Yes, her teacher tells me. We're all going to start eating veggie sticks now! (This is Snowdrop's favorite lunch item these days.)

It's sunny and the temperature isn't too awful: 25F (-4C). But the wind is biting. Still, Ed and I think a few good sled runs on a real hill would be lovely. We pick up him and the two sleds and head for the disc golf course: the hills there should be perfect for Snowdrop.

But on our way, the phone rings. Ed has a sudden dental appointment. (What we thought was a cold turns out to be a dental problem.)

Back we go to the farm, Ed leaves us, Snowdrop and I return to the hills.


We no longer need two sleds for just Snowdrop and me, but I take out both anyway, because the girl likes the little one for rides, but she'll need the big one with me in it for the run down the hill.

It is a brutal tug to the hills. Ed, where are you??

I nearly give up, but I'm not sure if the snow will last: tomorrow promises the start of a warmup. We want to (I want to!) have one good, fast-ish run!

I admire Snowdrop. She has been shuttled from one place to the next then back again. And now it is cold. It is windy. But she doesn't complain about any of it. As I huff and puff and pull her along, she hums songs to herself, turning her face away from the biting wind.

At the bottom of the hill, I should ask her to make the climb on her own, but I don't have the heart. I puff my way up, two sleds in tow, one with my three year old granddaughter.

And now we are at the top. Selfie!

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She loves it! It's not a super steep incline and so our speed is moderate, but I have to say, it is well worth the effort to get to it!

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Before we head back to the car, Snowdrop wants to take a little walk -- just to the bench and back. This is when you can see the beautiful effect of the wind on the snow!

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Her pinkness is reflected in the snow...

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So much beauty in one brief trip to the hills...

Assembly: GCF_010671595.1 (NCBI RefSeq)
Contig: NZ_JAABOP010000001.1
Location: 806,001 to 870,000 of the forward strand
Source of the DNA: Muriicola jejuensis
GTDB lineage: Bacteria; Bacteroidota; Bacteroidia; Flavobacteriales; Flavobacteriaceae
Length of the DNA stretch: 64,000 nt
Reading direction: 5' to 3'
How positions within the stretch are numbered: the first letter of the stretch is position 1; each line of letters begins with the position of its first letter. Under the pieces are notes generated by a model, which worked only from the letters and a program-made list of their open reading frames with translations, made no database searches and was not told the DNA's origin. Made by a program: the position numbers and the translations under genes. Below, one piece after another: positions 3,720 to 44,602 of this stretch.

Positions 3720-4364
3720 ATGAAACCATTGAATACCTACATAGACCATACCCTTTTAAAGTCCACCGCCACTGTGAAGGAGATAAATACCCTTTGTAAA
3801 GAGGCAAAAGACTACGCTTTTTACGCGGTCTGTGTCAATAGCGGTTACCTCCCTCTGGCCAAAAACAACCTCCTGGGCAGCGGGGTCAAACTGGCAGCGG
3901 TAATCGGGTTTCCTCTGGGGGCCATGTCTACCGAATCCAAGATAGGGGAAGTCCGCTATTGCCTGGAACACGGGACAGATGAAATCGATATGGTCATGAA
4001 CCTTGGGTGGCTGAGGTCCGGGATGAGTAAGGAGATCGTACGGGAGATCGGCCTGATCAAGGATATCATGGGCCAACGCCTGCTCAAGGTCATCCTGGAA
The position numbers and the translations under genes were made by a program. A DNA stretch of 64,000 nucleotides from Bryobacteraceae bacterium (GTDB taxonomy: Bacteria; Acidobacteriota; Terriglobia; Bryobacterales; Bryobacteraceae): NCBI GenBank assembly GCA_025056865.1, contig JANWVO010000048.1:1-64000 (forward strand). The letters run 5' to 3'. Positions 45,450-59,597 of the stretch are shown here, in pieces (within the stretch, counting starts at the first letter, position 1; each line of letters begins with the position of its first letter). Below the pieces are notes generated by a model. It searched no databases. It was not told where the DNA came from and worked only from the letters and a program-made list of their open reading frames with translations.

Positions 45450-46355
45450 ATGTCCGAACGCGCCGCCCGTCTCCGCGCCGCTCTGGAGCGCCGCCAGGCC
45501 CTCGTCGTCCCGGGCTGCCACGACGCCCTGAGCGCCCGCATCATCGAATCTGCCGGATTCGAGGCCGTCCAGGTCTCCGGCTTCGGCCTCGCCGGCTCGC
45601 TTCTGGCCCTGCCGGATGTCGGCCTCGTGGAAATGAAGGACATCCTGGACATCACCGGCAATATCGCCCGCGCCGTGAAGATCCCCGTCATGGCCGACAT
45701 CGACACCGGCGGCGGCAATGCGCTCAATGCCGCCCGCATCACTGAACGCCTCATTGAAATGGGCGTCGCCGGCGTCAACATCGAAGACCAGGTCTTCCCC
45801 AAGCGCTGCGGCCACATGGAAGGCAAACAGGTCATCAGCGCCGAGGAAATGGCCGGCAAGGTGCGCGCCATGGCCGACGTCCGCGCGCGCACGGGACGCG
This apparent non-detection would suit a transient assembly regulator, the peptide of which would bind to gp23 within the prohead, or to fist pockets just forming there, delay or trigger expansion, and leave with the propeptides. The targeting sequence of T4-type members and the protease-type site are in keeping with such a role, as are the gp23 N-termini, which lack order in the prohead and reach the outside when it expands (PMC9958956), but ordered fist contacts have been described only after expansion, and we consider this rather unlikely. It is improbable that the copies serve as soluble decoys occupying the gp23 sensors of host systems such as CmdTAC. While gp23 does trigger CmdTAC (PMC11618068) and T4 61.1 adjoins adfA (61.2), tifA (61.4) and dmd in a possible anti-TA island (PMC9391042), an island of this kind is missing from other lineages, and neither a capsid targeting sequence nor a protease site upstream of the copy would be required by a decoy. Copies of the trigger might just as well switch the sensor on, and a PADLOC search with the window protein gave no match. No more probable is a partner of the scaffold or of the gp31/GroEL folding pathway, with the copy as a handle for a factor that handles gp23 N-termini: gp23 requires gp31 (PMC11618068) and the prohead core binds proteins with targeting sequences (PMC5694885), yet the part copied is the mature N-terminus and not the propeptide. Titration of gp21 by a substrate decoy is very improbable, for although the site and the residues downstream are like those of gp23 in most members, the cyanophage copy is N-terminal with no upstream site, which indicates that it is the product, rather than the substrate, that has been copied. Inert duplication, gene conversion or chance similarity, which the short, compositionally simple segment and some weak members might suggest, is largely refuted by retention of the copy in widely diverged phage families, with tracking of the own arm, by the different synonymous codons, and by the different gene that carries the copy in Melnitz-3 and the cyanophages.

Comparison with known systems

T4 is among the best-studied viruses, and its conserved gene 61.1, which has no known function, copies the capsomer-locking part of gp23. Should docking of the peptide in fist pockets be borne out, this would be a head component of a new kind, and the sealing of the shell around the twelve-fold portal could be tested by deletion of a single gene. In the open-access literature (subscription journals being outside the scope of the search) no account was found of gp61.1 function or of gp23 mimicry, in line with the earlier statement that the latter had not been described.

These days, Snowdrop spends a good bit of time in her world of characters and stories. Still, there are some games and plays that she will do only if I take part. Dressing magnetic dolls (a modern version of paper dolls) is one of them.

You might think there is no value in having a toddler dress these cardboard kids. But Snowdrop loves this activity and I blame the public library for introducing her to it (they have a set of similar magnet dolls in the play area). For her, it's an opportunity for more storytelling and for exercising control over a daily routine: getting dressed.

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I have no doubt that it's time happily spent.

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We do puzzles together as well. Some are grand introductions to reading and today, she turns totally silly with them. No grandma, it's not a fox, it's a telephone!

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Ed is playing volley ball tonight. I think about the day, I think about the coming spring, summer, fall. There is so much to think about! To anticipate!

But really, this day is fine in its own right, despite the fact that we are in the thick of winter. Earlier, as Snowdrop and I snuggled on the couch with a short stack of books and a bowl of fruit after our romp with the sleds, she said -- I loooove warm!

It's warm here, at the farmhouse. Lovely warm. In all ways.